Concatenating attributes

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04-18-2016 02:30 PM
ShawnKasprick
New Contributor


Within a chosen shapefile I have the prefix, Area, that needs to be joined to the user specified attribute, chosen as a dropdown from a column within the shapefile. which will become the suffix within a new field.  For example, if the user chooses 'gridcode', then the end result should be Area1, Area2, Area3, etc for each of the rows within the Zone attribute column.  I have tried to use the CalculateField_management and update cursor, but both gave me errors and since I am relatively new to python, I wanted some input to help me along.  Sorry for not inserting the information below in python.

Input_Shapefile = arcpy.GetParameterAsText(0)

ID = arcpy.GetParameterAsText(1)

# Process: Add Zone

arcpy.AddField_management(Input_Shapefile, "Zone", "TEXT", "20", "2", "20", "", "NULLABLE", "NON_REQUIRED", "")

# Process: Name Zones

arcpy.CalculateField_management(Input_Shapefile, "Zone", 'Area' + str(ID), "PYTHON", "")

# Tried to use update cursor, but it created the output as AreaGRIDCODE rather than the gridcode values

# with arcpy.da.UpdateCursor(Input_Shapefile, "Zone") as cursor:

#    for row in cursor:

#        row.setValue("Zone", 'Area' + str(ID))

#        cursor.updateRow(row)

# del cursor

# I found this option below in my searches as it appeared similar to my needs, but still no luck

# ZoneRows = arcpy.UpdateCursor(Input_Shapefile)

# Zones = ZoneRows.next()

# while Zones:

#    Zones.setValue('Zone', "Area" + str(ID))

#    ZoneRows.updateRow(Zones)

#    Zones = ZoneRows.next()

# del Zones, ZoneRows

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DanPatterson_Retired
MVP Esteemed Contributor

when you want to retrieve values from other fields in a row, you need to refer to the row index based on the rows you imported.  UpdateCursor—Help | ArcGIS for Desktop

So if you import a row and are using two fields in the cursor, then you need to access them as row[0] and row[1] where these represent the columns/fields that you used.  The second example in that link uses

fields = ['WELL_YIELD', 'WELL_CLASS']

so, row[0] would be 'WELL_YIELD' .  there are alternate naming conventions, but I will leave that out for now.

PS, the simplest way to concatenate with spaces is to ensure that the field values are string, or converted to string, then add a space

str(row[0]) + " " + row[1]    ... where row[0] is a number and row[1] is already text.  This can also be done with

out = "{ }  { }".format(row[0], row[1]) which will handle the string thing and allow you to put in as many spaces and other stuff you want

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DanPatterson_Retired
MVP Esteemed Contributor

when you want to retrieve values from other fields in a row, you need to refer to the row index based on the rows you imported.  UpdateCursor—Help | ArcGIS for Desktop

So if you import a row and are using two fields in the cursor, then you need to access them as row[0] and row[1] where these represent the columns/fields that you used.  The second example in that link uses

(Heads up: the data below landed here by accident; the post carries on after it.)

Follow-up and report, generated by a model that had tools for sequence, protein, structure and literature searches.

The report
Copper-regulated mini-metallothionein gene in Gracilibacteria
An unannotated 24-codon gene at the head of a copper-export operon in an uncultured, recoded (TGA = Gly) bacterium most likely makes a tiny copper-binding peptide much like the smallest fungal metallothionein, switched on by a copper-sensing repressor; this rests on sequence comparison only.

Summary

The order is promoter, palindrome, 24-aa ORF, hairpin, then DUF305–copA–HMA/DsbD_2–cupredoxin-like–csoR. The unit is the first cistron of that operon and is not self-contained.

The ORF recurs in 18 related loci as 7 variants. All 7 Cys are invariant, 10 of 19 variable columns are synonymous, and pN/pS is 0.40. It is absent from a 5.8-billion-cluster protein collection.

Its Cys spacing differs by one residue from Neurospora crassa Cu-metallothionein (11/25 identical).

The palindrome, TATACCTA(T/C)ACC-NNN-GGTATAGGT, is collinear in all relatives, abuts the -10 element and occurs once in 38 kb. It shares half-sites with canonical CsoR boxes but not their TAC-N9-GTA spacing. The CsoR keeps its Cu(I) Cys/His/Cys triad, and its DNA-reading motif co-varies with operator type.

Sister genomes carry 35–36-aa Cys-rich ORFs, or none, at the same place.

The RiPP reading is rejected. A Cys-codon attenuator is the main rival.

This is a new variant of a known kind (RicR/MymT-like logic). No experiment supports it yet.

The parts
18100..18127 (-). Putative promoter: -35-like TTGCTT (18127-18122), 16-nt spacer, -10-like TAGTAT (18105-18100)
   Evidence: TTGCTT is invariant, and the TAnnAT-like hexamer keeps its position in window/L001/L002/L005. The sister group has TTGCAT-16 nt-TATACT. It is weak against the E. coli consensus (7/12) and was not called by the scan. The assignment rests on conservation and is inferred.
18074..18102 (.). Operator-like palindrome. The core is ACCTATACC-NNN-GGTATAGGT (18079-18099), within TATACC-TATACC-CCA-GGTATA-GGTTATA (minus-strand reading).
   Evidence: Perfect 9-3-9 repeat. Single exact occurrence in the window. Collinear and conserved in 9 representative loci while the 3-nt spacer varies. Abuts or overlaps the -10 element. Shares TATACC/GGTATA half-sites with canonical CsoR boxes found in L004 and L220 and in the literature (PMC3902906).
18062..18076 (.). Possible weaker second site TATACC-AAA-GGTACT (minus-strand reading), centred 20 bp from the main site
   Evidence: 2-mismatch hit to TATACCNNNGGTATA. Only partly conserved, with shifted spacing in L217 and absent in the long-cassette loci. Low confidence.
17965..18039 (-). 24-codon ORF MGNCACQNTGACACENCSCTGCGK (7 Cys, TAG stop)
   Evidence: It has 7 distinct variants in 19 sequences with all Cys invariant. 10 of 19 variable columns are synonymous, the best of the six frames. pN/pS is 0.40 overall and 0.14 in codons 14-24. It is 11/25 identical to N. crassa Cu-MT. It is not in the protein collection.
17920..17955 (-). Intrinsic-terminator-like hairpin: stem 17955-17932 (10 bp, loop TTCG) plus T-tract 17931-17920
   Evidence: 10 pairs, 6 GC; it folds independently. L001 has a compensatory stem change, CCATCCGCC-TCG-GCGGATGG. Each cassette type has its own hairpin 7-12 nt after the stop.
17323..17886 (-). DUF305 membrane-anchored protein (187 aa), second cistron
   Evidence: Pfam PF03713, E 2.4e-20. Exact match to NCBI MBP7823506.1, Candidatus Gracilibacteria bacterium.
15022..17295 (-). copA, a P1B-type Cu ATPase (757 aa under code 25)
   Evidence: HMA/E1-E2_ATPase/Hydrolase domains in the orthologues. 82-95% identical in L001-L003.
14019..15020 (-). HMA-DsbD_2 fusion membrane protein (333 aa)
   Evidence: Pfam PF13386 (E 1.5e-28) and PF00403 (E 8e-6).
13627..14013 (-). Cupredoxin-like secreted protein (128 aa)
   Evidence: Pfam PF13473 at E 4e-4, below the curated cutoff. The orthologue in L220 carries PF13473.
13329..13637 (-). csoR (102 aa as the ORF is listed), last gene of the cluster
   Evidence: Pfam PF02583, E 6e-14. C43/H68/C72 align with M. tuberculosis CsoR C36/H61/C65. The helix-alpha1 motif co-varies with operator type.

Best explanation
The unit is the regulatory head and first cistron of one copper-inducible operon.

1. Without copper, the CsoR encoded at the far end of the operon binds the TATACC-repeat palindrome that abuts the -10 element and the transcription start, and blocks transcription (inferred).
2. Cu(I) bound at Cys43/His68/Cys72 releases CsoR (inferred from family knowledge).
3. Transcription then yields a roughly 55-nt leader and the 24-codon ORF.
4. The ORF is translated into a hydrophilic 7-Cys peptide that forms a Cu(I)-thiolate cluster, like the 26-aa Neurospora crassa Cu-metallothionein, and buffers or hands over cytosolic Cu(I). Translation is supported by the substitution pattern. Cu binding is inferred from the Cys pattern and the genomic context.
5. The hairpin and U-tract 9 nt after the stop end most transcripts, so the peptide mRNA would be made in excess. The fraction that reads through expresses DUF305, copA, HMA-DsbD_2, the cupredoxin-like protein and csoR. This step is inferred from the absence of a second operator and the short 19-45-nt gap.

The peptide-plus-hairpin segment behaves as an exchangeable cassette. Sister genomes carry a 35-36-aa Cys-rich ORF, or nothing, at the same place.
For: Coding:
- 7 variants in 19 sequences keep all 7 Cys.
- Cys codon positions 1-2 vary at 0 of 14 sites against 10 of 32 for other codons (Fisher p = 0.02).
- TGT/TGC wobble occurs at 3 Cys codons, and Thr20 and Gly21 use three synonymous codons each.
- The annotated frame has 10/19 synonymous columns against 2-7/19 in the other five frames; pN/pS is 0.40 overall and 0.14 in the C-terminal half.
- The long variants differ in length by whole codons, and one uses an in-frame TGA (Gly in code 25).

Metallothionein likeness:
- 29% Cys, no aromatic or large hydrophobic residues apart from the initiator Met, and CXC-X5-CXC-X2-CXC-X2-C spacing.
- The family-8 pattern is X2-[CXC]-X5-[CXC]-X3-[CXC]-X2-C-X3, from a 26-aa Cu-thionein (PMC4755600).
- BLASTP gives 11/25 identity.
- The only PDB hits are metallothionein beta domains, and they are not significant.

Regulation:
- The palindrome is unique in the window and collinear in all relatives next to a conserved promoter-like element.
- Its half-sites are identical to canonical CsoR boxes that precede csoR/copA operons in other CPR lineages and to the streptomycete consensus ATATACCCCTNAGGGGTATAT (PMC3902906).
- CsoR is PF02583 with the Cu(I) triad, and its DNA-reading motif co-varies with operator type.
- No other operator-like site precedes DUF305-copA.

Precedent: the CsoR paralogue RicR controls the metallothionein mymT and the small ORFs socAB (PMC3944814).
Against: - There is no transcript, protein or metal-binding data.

fields = ['WELL_YIELD', 'WELL_CLASS']

so, row[0] would be 'WELL_YIELD' .  there are alternate naming conventions, but I will leave that out for now.

PS, the simplest way to concatenate with spaces is to ensure that the field values are string, or converted to string, then add a space

str(row[0]) + " " + row[1]    ... where row[0] is a number and row[1] is already text.  This can also be done with

out = "{ }  { }".format(row[0], row[1]) which will handle the string thing and allow you to put in as many spaces and other stuff you want

ShawnKasprick
New Contributor

Considering I will not know the fields of the shapefile being used, I do not think the update cursor will work.  If the fields were static, it would be easier to code, however the chosen attribute field could be ID, Gridcode, GRIDCODE, Sample, Number, etc...so I am trying to come up with a better solution.

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ShawnKasprick
New Contributor

I worked through it and used your example, but it lead me to another problem.  The column that was chosen for ZoneID was gridcode which gave me a result of Zone1.0 when I would rather have it as Zone1 so I had to set it up as an integer.

Input_Shapefile = arcpy.GetParameterAsText(0)

ZoneID = arcpy.GetParameterAsText(1)

fields = ['Area', ZoneID]

with arcpy.da.UpdateCursor(Input_Shapefile, fields) as cursor:

    for row in cursor:

        row[0] = 'Zone' + str(int(row[1]))

        cursor.updateRow(row)

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DanPatterson_Retired
MVP Esteemed Contributor

setting it up as an int first is fine as long as you don't have 1.2 , 1.3 etc then you may want to do

str(int(row[1]*10)) to scale all entries up by 10... you can get stupidly fancy...but always keep stuff simple, there will always be an exception, which others can deal with

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WesMiller
Regular Contributor III

If you don't know the fields or feature class ahead of time use GetParameterAsText, see below

import arcpy
Input_Shapefile = arcpy.GetParameterAsText(0)
field1 = arcpy.GetParameterAsText(1)#field with wanted attribute
field2 = arcpy.GetParameterAsText(2)#field with wanted attribute
field3 = arcpy.GetParameterAsText(3)#field to update
fields = [field1,field2,field3]
with arcpy.da.UpdateCursor(Input_Shapefile, fields) as rows:
    for row in rows:
        row[2] =  "{ }  { }".format(row[0], row[1])
        rows.updateRow(row)